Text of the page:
The aftermath of a house fire brings surprising joy

Just four months ago, I was upset to hear that my grandfather’s house burned down to the ground. There went any hope in contacting the current owner to find previous owners who could have known my grandfather, who died 5 years before I was born.

I can’t just jump on a plane and appear in the local property records office to look at records on my grandfather’s property. Grasping onto some hope, I posted a photo of his house on a Facebook page dedicated to his city asking anyone with memories of my grandfather’s house to contact me.

I got a bunch of likes to my post. I wanted to scream, “Stop liking my post. Someone please contact me!”

Three months later, I got more than I wished. A woman living in my grandfather’s city in southern Russia messaged me that her friend’s grandmother bought the house from my grandfather. That came to a complete shock.

He lived in the house until he died. It has been a mystery of what immediately happened to my grandfather’s house after his death. My father, his only child, was living in the USA and would have been arrested for just trying to visit his father. I don’t even want to think about what happened to all of my grandfather’s possessions after his death.

Now, it’s a shock that my grandfather sold his house to two different families in 1960 and stayed in the house as a tenant. Or maybe it shouldn’t be. He was single and 75 years old and most likely overwhelmed by taking care of the house himself.

The woman whose grandmother who was part owner of my grandfather’s house sent me scans of the property sales agreement. This was the last thing I thought I would ever see. Attempting to acquire this document from archives would give chuckles to office staff. Getting communist-era records from Russia is as easy as winning the lottery.

Then, the part owner’s granddaughter told me the truth about the condition of the house my grandfather had so much pride in. The house was so big that it was split into two properties. Only one half of the property burned to the ground.

A half of a house still standing sounds strange but that house has yet to be knocked down for some ugly, modern-looking apartment complex on the city’s main street, a fear of my grandfather.

I still don’t have one photo of this house from the inside. I’ll get my wish to see the inside in 10 days. The granddaughter will send me pictures her mother has been keeping in her home in Ukraine.

She also knows the other half owner of the property who bought it from my grandfather. The man still lives there 56 years later. My grandfather’s house must be quite the home.

With just searching his last name on a Russian online address book, I have found the other owner’s full name and birth date. He is almost 80 years old and will need to receive a charming letter to be inspired to pen me a letter.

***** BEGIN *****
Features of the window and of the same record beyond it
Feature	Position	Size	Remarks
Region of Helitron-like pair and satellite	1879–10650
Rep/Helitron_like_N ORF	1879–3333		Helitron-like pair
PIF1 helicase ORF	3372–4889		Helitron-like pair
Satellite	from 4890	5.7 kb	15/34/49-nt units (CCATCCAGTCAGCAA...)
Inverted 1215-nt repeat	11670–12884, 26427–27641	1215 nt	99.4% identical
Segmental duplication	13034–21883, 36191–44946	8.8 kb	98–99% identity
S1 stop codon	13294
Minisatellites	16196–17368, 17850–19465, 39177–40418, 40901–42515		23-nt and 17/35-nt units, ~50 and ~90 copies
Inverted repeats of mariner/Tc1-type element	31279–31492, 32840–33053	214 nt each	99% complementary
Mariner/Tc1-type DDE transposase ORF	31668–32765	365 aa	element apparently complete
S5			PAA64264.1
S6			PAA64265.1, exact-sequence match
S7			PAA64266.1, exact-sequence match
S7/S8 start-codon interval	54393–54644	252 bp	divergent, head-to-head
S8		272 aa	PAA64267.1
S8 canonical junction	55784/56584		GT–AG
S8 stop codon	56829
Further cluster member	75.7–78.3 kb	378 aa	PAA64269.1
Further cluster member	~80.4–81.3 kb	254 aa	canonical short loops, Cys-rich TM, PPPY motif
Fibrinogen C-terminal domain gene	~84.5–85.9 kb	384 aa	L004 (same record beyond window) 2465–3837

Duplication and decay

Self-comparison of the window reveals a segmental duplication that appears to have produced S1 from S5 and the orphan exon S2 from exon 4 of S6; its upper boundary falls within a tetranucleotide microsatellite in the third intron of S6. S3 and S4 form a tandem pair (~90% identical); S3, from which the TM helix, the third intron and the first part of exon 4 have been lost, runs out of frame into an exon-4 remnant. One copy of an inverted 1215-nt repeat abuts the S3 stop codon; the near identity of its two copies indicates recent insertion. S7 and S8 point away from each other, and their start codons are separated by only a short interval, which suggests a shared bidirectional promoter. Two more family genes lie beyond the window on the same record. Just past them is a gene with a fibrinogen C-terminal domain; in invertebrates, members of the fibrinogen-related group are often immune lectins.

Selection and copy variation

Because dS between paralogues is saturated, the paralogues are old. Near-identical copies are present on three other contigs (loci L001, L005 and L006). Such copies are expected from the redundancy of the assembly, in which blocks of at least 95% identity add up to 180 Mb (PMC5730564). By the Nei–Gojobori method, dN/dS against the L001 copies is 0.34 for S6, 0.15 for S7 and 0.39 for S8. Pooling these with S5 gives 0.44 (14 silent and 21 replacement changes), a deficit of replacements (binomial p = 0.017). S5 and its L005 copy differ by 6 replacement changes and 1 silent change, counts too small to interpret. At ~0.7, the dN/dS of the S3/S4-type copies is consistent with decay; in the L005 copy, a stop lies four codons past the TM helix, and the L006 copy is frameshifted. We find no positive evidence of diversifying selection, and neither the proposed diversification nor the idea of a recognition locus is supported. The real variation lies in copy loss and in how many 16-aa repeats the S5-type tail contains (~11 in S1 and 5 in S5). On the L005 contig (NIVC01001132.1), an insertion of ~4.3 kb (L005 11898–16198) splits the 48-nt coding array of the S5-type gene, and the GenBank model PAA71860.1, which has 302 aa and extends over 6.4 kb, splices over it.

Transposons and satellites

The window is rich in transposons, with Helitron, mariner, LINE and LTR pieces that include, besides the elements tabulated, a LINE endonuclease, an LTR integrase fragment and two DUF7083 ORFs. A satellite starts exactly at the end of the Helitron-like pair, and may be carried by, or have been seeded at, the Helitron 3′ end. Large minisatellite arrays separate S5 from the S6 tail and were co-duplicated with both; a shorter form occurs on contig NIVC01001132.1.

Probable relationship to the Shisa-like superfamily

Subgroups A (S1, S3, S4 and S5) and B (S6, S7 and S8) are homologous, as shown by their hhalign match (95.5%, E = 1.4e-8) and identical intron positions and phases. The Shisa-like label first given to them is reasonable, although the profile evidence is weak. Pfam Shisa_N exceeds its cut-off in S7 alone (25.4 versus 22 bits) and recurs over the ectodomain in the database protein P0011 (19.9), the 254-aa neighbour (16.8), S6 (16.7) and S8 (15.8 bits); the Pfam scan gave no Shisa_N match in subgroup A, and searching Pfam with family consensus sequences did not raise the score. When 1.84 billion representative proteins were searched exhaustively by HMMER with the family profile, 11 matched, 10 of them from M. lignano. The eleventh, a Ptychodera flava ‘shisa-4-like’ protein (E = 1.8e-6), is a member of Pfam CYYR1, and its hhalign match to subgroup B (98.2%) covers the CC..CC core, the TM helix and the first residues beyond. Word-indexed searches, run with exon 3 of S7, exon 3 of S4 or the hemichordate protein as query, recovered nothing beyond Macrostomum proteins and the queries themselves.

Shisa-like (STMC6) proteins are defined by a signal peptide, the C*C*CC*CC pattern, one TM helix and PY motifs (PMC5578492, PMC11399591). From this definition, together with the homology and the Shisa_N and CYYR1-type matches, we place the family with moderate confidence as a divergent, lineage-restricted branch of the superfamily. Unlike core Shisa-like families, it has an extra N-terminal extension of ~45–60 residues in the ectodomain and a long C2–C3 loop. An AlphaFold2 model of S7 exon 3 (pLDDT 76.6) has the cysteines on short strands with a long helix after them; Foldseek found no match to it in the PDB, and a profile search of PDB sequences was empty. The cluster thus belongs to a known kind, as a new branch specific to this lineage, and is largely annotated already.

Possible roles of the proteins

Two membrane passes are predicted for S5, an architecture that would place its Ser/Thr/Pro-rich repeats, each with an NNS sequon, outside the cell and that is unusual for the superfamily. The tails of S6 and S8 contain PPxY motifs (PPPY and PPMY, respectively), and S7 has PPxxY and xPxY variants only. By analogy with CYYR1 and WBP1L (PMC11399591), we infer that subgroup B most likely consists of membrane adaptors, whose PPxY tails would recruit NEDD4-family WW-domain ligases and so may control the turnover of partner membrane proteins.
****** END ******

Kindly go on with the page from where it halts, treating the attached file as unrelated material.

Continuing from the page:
This man is the only person alive who could tell me about my grandfather in detail. With the right letter, he could bring more life to my grandfather. Why give up now when I got surprised by just hoping?

 

10 thoughts on “The aftermath of a house fire brings surprising joy

  1. Reine

    I’m very happy for your finding this home and important piece of your family history.

    Your story gives me hope to learn more about my great-grandparents’ home in Russia/Poland. I’m not sure which is correct, because when they came to the United States they identified as Russian in the census and other documents, but in the following census they identified as Polish.

      1. Reine

        Hi Vera, I have a note that my great-grandfather, Wladyslaw Klosowski (b.1876), came from Sompolno, Russia. This information I found on a ship’s passenger list. My great-grandmother was Matylda Otylia Podobienska (1884–1925). Her native language is listed on the census as Russian, but I haven’t yet found a place name for where she was born or lived in Russia. They were married in Salem, Massachusetts, and I’m not sure where they met.

      2. Sorry for the delayed response. Have you tried to search for their naturalization records? The Social Security Application for Matylda should have her birthplace.

  2. Knowing a family home has been lost is sad, but this is a great example of the saying, “if life gives you lemons, make lemonade.” How wonderful that half the house is standing and that you’ve been able to make contact with modern day folks living there.

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